JOURNAL ARTICLE
REVIEW

Mechanisms and management of vision loss following orbital and facial trauma

F C McClenaghan, D G Ezra, S B Holmes
Current Opinion in Ophthalmology 2011, 22 (5): 426-31
21730843

PURPOSE OF REVIEW: To examine the proposed mechanisms of vision-threatening injuries occurring secondary to orbital and facial trauma: traumatic optic neuropathy (TON), retrobulbar haemorrhage (RBH) and penetrating eye injury. To evaluate the evidence supporting different management options for traumatic vision-threatening injury.

RECENT FINDINGS: Despite considerable debate over the roles of surgical decompression and systemic steroid therapy for TON, these interventions have not been proved to be more effective than conservative management and there is limited evidence that the use of steroids may be associated with an adverse outcome. Lateral canthotomy and inferior cantholysis have been proven to be effective treatments for RBH. Orbital exploration and surgical evacuation of haematoma remains a second line intervention. Open globe injuries require immediate primary surgical exploration and repair. Irretrievable devastating globe injuries require either enucleation or evisceration. There is no consensus as to which is the best treatment with recent surveys indicating that enucleation is preferred in the USA and evisceration in the United Kingdom.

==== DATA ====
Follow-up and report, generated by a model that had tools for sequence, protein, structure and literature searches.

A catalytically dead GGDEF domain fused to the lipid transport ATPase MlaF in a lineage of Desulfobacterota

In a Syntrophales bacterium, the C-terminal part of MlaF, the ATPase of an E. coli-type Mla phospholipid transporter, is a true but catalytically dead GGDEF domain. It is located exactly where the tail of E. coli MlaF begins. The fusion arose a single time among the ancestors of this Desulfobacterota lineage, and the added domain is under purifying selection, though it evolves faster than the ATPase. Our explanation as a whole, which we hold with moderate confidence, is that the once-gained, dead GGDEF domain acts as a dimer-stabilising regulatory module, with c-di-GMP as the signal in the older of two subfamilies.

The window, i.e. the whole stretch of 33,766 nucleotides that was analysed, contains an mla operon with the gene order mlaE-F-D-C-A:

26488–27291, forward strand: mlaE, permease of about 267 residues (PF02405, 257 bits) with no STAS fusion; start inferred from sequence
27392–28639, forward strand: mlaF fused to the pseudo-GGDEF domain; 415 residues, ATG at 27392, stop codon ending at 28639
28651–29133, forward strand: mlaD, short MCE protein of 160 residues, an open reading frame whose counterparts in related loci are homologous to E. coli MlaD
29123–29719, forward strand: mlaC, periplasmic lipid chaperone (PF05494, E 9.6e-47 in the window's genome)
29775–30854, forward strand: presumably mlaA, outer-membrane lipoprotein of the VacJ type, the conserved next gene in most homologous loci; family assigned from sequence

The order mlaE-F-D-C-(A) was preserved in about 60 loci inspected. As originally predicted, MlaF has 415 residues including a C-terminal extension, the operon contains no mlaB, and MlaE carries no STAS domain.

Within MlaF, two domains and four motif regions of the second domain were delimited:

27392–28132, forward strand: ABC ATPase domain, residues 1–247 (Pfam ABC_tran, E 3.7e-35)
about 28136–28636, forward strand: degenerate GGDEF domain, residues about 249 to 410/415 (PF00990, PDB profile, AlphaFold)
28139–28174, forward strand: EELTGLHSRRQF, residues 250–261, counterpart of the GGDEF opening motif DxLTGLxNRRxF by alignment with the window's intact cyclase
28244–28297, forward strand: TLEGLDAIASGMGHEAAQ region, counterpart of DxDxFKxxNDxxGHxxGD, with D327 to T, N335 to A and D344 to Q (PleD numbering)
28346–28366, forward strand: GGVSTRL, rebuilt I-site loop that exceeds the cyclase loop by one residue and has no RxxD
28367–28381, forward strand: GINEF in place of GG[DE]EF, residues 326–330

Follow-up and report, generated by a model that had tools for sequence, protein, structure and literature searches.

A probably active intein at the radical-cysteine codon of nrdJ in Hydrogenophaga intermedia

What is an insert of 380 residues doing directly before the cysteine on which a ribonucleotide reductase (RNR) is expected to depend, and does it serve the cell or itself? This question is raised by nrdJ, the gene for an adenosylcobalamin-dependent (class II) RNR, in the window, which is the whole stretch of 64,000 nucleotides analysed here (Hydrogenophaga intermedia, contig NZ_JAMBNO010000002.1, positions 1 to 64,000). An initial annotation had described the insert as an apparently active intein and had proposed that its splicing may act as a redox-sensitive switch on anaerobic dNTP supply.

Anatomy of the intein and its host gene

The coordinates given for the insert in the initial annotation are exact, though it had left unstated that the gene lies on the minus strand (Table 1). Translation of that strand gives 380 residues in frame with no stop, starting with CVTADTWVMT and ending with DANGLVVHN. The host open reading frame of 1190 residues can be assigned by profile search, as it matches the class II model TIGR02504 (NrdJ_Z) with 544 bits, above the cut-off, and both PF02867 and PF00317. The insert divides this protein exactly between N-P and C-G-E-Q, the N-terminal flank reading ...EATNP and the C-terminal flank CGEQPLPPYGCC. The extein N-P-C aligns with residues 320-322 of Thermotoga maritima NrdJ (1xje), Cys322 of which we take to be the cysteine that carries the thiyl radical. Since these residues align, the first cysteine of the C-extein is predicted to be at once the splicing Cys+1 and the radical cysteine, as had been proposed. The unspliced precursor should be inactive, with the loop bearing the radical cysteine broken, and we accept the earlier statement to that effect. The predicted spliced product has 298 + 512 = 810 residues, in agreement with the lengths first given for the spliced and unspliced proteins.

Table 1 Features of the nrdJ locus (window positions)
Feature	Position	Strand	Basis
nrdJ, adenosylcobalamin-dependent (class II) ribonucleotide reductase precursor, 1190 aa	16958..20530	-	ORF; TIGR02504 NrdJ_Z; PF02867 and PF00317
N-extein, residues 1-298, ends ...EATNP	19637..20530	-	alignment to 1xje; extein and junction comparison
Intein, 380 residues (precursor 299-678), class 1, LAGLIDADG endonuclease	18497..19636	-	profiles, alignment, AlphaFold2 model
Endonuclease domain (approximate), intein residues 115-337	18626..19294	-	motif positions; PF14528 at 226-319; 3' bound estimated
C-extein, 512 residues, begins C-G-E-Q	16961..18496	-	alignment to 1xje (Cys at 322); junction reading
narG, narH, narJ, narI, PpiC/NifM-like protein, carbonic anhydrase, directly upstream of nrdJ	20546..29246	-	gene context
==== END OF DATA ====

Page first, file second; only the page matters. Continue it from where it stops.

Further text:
SUMMARY: Conservative management is the first line treatment for TON. The evidence strongly supports lateral canthotomy and inferior cantholysis as best treatment for RBH. There is no consensus as to whether enucleation or evisceration is the best treatment for irretrievable devastating globe injury. The choice of management is currently determined by surgeon preference.

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